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Don't Worry About Combustible Playgrounds, Experts Say

Don't Worry About Combustible Playgrounds, Experts Say



Estimated read time: 2-3 minutes

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Paul Nelson ReportingFire officials are calling it a bizarre case. A playground in Arlington, Texas, spontaneously caught on fire. So, what are the chances of that every happening here?

If you see the video online, it looks like something that could never really happen.

Salt Lake City fire spokesman Scott Freitag said, "Boy it is atypical to see a playground just burst into flames."

He says they've never seen a case like this. Some news sources say the mulch under the wood chips may have ignited. Freitag says they've seen mulch catch on fire in places like the dump.

"Materials, given the right circumstances, can spontaneously combust. You have to have three elements present: heat, oxygen and some ignition source," Frietag explained.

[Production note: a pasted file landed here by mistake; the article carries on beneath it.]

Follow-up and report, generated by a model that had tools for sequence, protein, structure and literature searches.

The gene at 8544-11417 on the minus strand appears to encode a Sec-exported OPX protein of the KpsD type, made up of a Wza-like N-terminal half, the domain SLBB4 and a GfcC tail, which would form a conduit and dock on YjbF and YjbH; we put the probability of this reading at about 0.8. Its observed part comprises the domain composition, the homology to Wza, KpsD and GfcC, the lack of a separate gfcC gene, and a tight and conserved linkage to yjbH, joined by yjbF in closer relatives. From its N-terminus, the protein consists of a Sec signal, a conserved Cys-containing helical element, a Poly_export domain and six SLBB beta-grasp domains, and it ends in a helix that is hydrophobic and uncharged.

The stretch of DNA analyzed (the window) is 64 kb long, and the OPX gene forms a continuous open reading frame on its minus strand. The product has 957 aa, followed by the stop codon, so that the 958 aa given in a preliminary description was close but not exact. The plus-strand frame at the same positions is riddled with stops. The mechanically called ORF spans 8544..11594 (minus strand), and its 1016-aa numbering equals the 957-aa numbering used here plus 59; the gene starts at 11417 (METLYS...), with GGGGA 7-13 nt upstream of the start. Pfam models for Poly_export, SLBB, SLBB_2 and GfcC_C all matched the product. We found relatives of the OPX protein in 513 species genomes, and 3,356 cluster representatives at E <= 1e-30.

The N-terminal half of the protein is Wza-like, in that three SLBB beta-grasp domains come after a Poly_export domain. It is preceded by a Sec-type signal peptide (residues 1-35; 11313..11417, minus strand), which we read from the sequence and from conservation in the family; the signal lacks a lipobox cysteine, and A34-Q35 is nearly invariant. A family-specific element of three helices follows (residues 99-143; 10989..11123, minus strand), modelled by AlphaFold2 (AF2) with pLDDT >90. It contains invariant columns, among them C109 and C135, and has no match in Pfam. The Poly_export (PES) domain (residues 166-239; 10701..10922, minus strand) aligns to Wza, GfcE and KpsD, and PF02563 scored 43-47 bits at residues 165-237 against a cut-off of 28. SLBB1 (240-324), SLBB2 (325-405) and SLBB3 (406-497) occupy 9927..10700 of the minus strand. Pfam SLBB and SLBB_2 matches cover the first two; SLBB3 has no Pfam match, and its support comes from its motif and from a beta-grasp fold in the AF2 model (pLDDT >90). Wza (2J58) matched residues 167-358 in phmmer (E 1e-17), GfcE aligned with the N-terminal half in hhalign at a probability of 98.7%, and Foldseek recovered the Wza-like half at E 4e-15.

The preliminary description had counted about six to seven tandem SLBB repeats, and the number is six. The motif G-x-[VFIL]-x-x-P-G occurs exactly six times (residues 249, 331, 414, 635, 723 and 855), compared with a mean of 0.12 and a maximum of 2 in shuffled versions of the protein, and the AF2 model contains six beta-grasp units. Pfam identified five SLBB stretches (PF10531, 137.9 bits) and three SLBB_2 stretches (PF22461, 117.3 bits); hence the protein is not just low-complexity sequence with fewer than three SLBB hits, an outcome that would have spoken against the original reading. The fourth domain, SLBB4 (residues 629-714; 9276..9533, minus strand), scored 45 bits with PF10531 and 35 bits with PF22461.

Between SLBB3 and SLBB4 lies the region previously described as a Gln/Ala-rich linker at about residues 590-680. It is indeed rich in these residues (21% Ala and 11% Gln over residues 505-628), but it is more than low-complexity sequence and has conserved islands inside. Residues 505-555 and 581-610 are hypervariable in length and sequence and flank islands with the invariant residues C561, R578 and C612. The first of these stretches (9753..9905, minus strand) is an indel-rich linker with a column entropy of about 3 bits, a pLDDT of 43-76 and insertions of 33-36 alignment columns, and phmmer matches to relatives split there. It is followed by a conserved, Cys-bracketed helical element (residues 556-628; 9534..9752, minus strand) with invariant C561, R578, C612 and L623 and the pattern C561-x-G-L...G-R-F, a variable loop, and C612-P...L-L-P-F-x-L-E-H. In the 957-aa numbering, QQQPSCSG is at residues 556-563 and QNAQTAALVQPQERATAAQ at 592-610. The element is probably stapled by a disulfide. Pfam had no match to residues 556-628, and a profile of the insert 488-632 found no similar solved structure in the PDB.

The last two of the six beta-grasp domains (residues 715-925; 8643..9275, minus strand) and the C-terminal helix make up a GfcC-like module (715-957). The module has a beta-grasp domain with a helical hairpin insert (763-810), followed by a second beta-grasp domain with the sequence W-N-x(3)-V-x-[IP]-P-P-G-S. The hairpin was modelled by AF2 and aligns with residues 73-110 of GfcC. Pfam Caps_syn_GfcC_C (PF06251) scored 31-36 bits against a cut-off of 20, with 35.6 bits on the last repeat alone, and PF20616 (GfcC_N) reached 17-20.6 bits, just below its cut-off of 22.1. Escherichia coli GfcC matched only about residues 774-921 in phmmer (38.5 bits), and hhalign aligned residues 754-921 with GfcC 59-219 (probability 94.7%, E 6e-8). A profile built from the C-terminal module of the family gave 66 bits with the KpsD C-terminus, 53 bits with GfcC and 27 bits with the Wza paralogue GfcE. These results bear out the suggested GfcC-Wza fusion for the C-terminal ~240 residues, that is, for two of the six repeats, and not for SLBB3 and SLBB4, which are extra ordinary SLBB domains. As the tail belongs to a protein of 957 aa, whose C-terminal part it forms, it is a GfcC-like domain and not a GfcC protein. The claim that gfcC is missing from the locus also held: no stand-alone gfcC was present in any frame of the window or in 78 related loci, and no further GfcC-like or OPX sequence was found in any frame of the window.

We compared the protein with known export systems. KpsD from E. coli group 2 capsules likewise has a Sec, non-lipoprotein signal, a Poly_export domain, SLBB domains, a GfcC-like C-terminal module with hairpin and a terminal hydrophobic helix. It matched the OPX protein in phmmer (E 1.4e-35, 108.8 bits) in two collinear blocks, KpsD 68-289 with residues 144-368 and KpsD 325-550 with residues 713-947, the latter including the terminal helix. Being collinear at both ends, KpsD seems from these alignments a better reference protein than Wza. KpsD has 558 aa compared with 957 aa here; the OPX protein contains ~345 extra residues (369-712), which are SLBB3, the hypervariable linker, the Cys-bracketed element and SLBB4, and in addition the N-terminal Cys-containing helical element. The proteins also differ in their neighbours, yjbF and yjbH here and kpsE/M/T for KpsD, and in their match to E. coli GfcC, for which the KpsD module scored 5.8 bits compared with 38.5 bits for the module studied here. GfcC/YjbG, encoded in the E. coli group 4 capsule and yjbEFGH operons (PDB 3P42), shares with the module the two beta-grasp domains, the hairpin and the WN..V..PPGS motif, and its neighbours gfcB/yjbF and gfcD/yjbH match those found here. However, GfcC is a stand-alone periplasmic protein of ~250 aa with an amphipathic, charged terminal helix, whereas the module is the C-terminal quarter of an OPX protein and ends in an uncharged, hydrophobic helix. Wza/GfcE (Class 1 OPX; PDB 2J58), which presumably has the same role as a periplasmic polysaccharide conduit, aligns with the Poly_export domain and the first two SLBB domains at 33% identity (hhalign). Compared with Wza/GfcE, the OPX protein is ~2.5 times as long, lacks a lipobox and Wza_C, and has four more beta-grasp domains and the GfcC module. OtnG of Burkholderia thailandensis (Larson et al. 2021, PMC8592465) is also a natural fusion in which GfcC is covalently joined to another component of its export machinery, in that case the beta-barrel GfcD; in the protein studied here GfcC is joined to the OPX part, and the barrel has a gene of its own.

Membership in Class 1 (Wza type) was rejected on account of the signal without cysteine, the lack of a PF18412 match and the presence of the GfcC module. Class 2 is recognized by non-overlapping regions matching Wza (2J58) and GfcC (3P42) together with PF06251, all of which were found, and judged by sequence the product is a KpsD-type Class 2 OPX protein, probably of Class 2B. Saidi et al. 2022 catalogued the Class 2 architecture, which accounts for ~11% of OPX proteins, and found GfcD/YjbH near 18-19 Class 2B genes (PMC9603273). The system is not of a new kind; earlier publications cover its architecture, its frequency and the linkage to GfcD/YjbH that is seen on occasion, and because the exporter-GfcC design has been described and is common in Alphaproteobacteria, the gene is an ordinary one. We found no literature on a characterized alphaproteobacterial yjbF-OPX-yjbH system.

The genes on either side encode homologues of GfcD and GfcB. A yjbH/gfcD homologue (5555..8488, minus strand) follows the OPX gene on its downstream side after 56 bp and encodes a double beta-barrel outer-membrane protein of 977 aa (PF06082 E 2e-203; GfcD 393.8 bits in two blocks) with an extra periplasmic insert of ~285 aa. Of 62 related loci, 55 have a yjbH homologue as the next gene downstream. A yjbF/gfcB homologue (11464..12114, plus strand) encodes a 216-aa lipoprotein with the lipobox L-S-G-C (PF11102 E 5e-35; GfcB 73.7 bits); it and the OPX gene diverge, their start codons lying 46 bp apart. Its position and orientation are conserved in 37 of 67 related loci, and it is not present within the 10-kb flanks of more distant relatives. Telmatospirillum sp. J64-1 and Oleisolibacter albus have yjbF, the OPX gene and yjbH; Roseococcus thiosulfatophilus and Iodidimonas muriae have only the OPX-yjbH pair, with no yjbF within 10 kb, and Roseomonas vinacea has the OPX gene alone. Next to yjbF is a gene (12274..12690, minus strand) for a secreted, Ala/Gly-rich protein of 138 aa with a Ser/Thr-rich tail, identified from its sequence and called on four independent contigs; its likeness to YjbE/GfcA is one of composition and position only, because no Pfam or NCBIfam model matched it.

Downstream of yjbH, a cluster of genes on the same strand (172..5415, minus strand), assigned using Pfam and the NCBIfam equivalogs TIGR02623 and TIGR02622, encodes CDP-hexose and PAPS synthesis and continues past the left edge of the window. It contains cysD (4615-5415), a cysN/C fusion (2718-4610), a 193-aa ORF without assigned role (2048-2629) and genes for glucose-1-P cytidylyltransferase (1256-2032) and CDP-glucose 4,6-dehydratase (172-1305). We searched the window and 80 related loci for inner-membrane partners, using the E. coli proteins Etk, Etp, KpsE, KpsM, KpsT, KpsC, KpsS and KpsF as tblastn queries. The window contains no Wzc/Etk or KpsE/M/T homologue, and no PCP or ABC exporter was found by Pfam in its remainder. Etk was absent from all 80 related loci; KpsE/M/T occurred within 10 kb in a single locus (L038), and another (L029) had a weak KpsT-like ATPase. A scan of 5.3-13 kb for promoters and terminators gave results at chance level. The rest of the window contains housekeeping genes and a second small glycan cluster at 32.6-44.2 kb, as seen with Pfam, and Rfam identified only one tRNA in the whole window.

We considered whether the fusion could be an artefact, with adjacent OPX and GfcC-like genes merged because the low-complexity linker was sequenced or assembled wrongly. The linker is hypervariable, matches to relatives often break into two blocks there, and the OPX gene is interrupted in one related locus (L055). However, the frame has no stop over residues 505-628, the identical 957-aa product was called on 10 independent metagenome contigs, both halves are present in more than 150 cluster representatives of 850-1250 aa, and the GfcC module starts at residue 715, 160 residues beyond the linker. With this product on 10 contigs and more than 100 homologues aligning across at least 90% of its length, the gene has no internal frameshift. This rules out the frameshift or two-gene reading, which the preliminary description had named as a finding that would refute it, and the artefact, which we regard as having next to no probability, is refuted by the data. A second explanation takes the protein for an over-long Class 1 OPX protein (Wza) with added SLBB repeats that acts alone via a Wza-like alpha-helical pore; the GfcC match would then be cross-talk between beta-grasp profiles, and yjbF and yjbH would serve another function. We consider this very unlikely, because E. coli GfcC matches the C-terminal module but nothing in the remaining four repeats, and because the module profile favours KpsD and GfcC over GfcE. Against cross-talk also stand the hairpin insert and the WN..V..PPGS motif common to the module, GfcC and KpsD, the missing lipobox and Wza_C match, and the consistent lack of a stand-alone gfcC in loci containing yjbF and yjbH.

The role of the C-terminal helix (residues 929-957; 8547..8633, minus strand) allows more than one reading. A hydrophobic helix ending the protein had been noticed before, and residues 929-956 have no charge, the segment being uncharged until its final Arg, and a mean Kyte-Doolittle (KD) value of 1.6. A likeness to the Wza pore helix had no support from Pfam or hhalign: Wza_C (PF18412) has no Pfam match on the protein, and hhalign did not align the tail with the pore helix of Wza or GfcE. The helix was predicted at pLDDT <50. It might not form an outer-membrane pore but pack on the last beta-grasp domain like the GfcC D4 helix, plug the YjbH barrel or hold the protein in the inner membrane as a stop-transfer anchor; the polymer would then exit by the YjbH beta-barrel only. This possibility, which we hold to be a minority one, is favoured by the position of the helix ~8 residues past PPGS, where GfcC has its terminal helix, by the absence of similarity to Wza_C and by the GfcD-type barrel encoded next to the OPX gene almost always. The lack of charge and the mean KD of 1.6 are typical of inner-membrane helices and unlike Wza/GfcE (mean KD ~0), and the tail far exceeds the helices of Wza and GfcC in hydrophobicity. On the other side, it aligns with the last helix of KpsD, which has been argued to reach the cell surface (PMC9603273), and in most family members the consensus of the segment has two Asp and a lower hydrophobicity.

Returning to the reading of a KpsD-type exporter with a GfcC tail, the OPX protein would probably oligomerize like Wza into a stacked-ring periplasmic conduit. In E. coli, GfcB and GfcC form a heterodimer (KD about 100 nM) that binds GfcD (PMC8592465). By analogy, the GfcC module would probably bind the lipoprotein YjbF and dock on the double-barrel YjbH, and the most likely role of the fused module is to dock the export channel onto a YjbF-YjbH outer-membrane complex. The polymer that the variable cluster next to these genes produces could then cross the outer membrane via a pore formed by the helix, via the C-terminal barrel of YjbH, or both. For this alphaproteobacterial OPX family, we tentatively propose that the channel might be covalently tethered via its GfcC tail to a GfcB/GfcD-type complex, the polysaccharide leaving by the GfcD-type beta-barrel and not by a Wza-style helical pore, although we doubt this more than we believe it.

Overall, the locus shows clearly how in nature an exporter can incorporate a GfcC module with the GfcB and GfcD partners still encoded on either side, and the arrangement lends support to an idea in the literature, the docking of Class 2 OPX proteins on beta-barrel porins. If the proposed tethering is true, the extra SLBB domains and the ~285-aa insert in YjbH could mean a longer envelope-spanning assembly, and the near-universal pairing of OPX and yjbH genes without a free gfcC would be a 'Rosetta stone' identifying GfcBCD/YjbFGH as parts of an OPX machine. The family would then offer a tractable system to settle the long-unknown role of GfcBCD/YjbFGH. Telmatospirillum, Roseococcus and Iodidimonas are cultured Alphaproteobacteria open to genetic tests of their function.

He says this could technically happen with wood chips. He says there is a chemical reaction when wood dries, which could lead to an ignition source, especially if the moisture in the wood chips below is retaining heat. But, he says, that is not very likely.

Frietag said, "Strictly looking at wood chips, the chances of just the wood catching on fire by itself are pretty low."

However, he can cite one case where spontaneous combustion destroyed a house. "Someone had left some charcoal briquettes in a bag outside in the sun," he said. Sure enough, that bag caught on fire.

If parents are worried that the equipment their children are playing on will go up in flames, park officials say you really don't need to worry.

Salt Lake County Parks and Operations Director Wayne Johnson said, "We have engineered wood products for most of our surfaces. The flame spreadability on that is quite low."

Johnson says they test how fire resistant materials are before they buy them for the parks.

"People say, ‘Oh, it won't burn.' So, we take a piece of their product out and put a match to it, or even an acetylene torch and try to burn things on occasion," he said.

Bottom line is, Johnson says you shouldn't let a bizarre case like the one in Arlington, Texas, keep your kids away from playing in a park.

"Don't be afraid of the playgrounds. We inspect them monthly, and accidents are rare," Johnson said.

He says even though the fire in Texas was a freak occurrence, more tests of playground equipment may be in order.

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